In fall of 2009 the project Film in School was created with the intention of bringing film closer to school children and teachers. Many educational seminars and workshops are organized throughout the school year in order to give teachers the opportunity to broaden their film knowledge. The film programme is adjusted to the regular school curriculum and besides learning about film language and film as an art form, topics such as history, literature, ecology, music, arts and many other are discussed through the medium of film. Screenings are introduced and discussed by film professionals and printed material is handed out to teachers in order to assist them in discussing the films in school.
In 2010 a new project - Film Alphabet - was launched within the Film in School project in order to provide more systematic education and insight into numerous and complex components of the film as a medium and as an art form. Over the period of several years a different segment (2010/2011: film language; 2011/2012: film history, etc.) is discussed twice a month from October to April. The project is aimed at teachers and professors, students and other individuals searching for fresh and basic film knowledge.
In addition we organize special birthday parties for 7-12 year old children which gives us the opportunity to educate them in a less formal environment and develop the future cinephile audience.
Recently we introduced a programme for young volunteers who assist visitors on their way to the screenings and to help cinema staff with their routine work such as the weekly change of film posters and cinema flyer distribution. They create a positive atmosphere and in return can watch films free of charge and participate in all workshops and events that take place in cinema.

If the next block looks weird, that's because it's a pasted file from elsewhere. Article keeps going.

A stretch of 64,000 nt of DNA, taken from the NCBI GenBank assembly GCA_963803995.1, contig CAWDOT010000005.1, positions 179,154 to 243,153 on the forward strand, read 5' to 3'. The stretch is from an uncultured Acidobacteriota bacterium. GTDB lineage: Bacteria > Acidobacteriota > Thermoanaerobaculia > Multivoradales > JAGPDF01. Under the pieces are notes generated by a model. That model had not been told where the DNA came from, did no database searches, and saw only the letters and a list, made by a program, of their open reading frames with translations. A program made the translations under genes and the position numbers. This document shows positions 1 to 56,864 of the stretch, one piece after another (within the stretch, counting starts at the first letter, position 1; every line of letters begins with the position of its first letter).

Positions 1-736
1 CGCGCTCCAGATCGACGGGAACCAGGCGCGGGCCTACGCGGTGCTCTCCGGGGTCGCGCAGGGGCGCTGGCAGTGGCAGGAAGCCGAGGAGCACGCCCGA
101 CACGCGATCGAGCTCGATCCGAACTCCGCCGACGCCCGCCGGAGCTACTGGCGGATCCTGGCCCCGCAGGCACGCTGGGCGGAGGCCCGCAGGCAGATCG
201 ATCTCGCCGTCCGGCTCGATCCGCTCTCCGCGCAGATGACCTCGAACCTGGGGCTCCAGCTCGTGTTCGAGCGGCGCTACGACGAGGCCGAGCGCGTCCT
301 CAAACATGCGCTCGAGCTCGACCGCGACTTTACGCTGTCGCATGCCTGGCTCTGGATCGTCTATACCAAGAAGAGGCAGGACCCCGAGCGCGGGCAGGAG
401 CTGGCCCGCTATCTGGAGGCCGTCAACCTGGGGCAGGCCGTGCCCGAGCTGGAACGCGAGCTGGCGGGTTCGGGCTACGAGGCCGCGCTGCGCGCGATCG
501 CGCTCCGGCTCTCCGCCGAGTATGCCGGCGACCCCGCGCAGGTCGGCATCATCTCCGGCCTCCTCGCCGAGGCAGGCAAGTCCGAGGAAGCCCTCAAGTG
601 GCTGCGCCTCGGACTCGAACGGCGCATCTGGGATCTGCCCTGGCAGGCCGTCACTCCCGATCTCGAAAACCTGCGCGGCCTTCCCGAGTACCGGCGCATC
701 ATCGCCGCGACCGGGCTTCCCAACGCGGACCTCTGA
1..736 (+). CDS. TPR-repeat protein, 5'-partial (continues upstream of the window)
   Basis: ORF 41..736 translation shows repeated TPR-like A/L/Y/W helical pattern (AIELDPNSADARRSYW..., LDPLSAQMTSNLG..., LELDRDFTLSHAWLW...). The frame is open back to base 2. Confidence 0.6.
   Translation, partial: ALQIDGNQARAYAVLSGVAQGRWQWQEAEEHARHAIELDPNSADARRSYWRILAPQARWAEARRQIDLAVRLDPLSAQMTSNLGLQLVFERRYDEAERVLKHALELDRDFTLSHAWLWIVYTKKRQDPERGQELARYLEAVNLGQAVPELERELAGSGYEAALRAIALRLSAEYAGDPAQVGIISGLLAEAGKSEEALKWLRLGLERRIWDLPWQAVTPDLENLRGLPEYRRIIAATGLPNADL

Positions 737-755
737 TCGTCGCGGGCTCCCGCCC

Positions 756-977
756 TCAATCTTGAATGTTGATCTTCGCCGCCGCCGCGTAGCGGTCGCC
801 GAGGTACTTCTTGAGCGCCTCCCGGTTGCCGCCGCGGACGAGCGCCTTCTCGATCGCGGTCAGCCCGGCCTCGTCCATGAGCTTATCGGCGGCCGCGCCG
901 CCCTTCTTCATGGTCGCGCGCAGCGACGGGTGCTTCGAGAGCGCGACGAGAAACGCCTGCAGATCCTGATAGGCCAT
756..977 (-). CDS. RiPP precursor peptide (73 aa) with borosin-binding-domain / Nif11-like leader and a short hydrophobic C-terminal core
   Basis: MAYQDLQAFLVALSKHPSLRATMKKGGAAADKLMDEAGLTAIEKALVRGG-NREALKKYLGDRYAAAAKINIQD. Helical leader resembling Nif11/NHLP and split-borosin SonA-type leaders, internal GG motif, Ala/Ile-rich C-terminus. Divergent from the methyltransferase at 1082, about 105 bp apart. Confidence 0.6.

Among all the mentioned activities cinema Valli also hosts regular exhibitions of young up-and-coming photographers from all over the world who still value analogue photography.
Yes, we really do work a lot with the young.
8. What about the upcoming digitalisation of cinemas? How will it affect your work and your cinema?
Croatia is a bit slower on the question of digitalisation, but I think once we go through with it, it will bring us more opportunities; although 35mm will be greatly missed.
Tanja Miličić , Manager of Kino Valli, was born in 1974 in Pula, where she graduated from elementary and high school as an Arts & Culture major. She was one of the first members of the City Youth Workshop, participating in numerous cultural projects. In 1993, she moved to Great Britain and in 1998 completed a course in Film, Video and Photography from Lambeth College, London. In 2002 she graduated (with merit) in Film, Photography and Digital Media from Napier University in Edinburgh. During her studies she volunteered and worked for several NGOs, which has provided her with valuable life and organizational experience.
During her studies, she worked on numerous short films and documentaries. Her graduation film Patchwork was shown in many European festivals and won the Best Director Award, Best Newcomer Award at the 12th Days of Croatian Film, as well as the Oktavijan Award given by the Croatian Film Critics Association for the best documentary.
In 2003, she returned to Pula with intention of boosting promotion of film production in Pula and Istria and thus began her lasting cooperation with the Pula Film Festival, where she has been permanently employed since 2007 as the Festival Producer and since 2008 as of Cinema Valli manager. She has been member of the master working group for the drafting of the Town of Pula culture strategy. She is also a member of the Istria County Music and Performing Arts Council and has participated in the drafting of Istria's cultural strategy.
Population: 4.1 m (2018)Total admissions: 4,607,068 (2018)Total gross: 19.5 m (2018)Domestic releases: 7 (2018)Admissions per capita: 1.1 (2018)Admissions domestic films: 53,968 (2018)Box office domestic films: 204,763 EUR (2018)Number of screens: 185 (2018)Number of digital screens: 180 (2018)Average ticket price in EUR: 4.23 EURState support for film industry: 9,8 m EUR (2018)
Source: Croatian Audiovisual Centre
Admissions Top 10 2018